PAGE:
In French, nouvelles can mean news of any sort. In Robespierre’s time it could be spread in print by gazette, slanderous pamphlet, or broadsheet (nouvelles à la main). With potentially more impact, it could also be spread by personal correspondence, or by word of mouth (nouvelles de bouche) in the form of rumors and gossip passed along wherever people gathered, in homes or on the streets. For paranoid Robespierre, deliberate hoaxes were the worst fear. In a speech to the National Convention delivered in March, 1793, dwelling on France’s enemies from within [“ennemis au dedan”], he reviled “this pack of careerists and schemers, these people—prattling, conning, faking [“babillard, charlatan, artificieux “]—who arise from the cracks everywhere, who persecute patriotism, who disrupt tribunals and often public functions, who abuse the learning given them by the privileges of the old regime in order to mislead public opinion.”

Leaders of the second Revolution had good reason to fear rumor. The large majority of the populace could not read or write. In July of 1789, alarmed over the possibility of a second disastrous harvest, word spread throughout rural France that the aristocracy had hired brigands to terrorize the peasants and steal their food. Panic and riots followed. Local ad-hoc militia groups attacked country estates. Later a worse case of rumor gone wild occurred in the first week of September, 1792, after Prussian armies had breached France’s northern border. The word spread that when royalist armies got to Paris they would release inmates of the prisons to swell their ranks. Mobs attacked the prisons, and some 1,400 inmates, most with no political connections, were summarily tried and executed on the boulevards. Rumor could be deadly. (For an excellent analysis of rumor and the French Revolution, see the chapter by Timothy Tackett.)

Of course, as self-anointed parties coming into power have often done, the French revolutionaries shut down their share of newspapers and publishers they deemed adversary. The Revolutionary Tribunal sentenced to death their share of print journalists, such as Camille and Lucile Desmoulins. But in some ways the Jacobins dreaded more the power of their enemies to spread unrest and rebellion underground by letter and word of mouth.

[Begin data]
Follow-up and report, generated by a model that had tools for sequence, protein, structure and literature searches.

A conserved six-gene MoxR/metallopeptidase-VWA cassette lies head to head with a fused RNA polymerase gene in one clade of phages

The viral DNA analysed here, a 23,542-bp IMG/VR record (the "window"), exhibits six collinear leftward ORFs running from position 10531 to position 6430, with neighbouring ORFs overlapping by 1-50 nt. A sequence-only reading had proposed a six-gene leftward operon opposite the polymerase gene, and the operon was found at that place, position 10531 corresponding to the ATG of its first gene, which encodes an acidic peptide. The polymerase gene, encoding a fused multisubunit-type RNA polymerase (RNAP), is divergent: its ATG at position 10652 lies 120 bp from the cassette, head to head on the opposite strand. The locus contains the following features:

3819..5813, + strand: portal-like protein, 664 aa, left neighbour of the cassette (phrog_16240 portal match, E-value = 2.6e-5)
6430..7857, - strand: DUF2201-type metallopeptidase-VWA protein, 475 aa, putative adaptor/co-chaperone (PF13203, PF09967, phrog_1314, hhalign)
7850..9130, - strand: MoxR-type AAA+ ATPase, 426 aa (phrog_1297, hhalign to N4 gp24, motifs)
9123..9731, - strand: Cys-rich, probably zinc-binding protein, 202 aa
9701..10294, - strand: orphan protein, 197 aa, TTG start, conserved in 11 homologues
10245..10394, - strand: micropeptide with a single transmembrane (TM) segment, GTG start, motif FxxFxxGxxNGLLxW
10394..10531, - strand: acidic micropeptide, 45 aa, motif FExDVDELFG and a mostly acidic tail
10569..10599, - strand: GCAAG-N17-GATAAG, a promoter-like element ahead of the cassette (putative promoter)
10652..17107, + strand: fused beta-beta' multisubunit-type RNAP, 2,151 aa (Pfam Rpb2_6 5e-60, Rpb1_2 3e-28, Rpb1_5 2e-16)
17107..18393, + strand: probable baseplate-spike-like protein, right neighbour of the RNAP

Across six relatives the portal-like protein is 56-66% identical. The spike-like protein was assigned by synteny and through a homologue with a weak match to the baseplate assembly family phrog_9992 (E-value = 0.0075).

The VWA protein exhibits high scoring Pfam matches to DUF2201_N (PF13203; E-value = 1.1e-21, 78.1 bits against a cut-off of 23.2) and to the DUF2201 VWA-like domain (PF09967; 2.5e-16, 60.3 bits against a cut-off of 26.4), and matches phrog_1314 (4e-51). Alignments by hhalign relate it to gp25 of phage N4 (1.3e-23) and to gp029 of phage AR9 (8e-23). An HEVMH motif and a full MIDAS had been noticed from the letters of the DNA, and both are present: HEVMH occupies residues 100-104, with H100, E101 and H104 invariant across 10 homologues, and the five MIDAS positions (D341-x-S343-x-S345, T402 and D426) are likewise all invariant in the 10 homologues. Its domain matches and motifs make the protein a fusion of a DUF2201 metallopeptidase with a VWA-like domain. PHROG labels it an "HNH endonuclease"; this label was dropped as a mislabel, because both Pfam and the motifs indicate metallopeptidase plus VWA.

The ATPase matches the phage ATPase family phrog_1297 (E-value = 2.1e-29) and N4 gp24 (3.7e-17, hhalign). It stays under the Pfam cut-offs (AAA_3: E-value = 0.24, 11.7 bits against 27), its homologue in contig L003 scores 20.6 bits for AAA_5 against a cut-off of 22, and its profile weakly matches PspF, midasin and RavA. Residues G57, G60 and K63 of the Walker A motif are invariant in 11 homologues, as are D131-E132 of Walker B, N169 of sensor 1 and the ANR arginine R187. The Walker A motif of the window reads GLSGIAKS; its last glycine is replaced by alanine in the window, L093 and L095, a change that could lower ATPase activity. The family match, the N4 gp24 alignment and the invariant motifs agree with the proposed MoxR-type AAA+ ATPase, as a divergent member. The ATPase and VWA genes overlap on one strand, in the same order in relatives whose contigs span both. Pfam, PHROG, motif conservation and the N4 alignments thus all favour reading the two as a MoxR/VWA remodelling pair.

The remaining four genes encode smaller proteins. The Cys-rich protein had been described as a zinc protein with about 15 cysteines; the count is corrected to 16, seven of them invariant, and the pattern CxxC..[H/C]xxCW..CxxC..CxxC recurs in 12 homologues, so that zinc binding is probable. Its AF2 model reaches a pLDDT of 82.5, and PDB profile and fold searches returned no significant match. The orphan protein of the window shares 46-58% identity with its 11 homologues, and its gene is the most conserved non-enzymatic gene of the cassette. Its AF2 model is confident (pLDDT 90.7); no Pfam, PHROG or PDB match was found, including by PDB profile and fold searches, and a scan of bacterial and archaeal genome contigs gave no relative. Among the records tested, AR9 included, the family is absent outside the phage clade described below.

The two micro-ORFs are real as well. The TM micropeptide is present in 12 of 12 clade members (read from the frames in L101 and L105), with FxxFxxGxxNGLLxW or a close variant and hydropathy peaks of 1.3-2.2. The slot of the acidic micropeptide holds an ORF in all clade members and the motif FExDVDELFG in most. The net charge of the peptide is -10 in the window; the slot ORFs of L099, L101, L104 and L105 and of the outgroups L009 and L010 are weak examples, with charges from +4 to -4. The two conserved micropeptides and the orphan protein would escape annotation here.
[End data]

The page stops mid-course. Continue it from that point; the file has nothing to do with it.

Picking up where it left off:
Robespierre often connected oral fake news with “enemies of the people” or “enemies of the nation.” In a speech delivered to the National Convention in February, 1794, he again attacked the “ennemis intérieurs du peuple français”: “counter-revolutionary hypocrites who would sully and stigmatize [flétrir] the cause of the Revolution.” He accused certain persons of spreading terror among the people of Bretagne and the Rhine by “seeding the rumor” [en semant le bruit] that everyone younger than ten and older than seventy were going to be killed. These rumor-mongers, said Robespierre, are no better than the Roman tyrants Caligula and Elagabalus.

Fake news: Fear and suspicion

Fausses nouvelles, of course, worked both ways. In 1794 the Revolutionary Tribunal, often acting on unsubstantiated hearsay, sentenced 1,376 persons to death between June 10, the passing of the Law of 22 Prairial, and July 28, when Robespierre himself was guillotined.

So historically, fake news that is the enemy of the people meant more than print news. Today the phrase still conjures up societies—as in German-occupied France or Stalinist Russia —where fear and suspicion reign because citizens can be arrested without warrant, tried in secret, never allowed to face their accusers, and sentenced to exile, hard labor, or execution, all on no more evidence than an intercepted personal letter or a phrase overheard, accurately or not, on a street corner. Maybe the good citizens of revolutionary France were lucky that during the Terror they did not enjoy current social media.

Today in the US, however, the meme of fake news as the enemy of the people also carries with it an even deeper and darker meaning. It tells of conspiracy across borders. Remember that Ibsen’s townspeople start calling their doctor “enemy of the people” only when he tells them he will use the newspapers of neighboring towns to spread his unwelcome truth.

(Continued tomorrow: fake news as international conspiracy)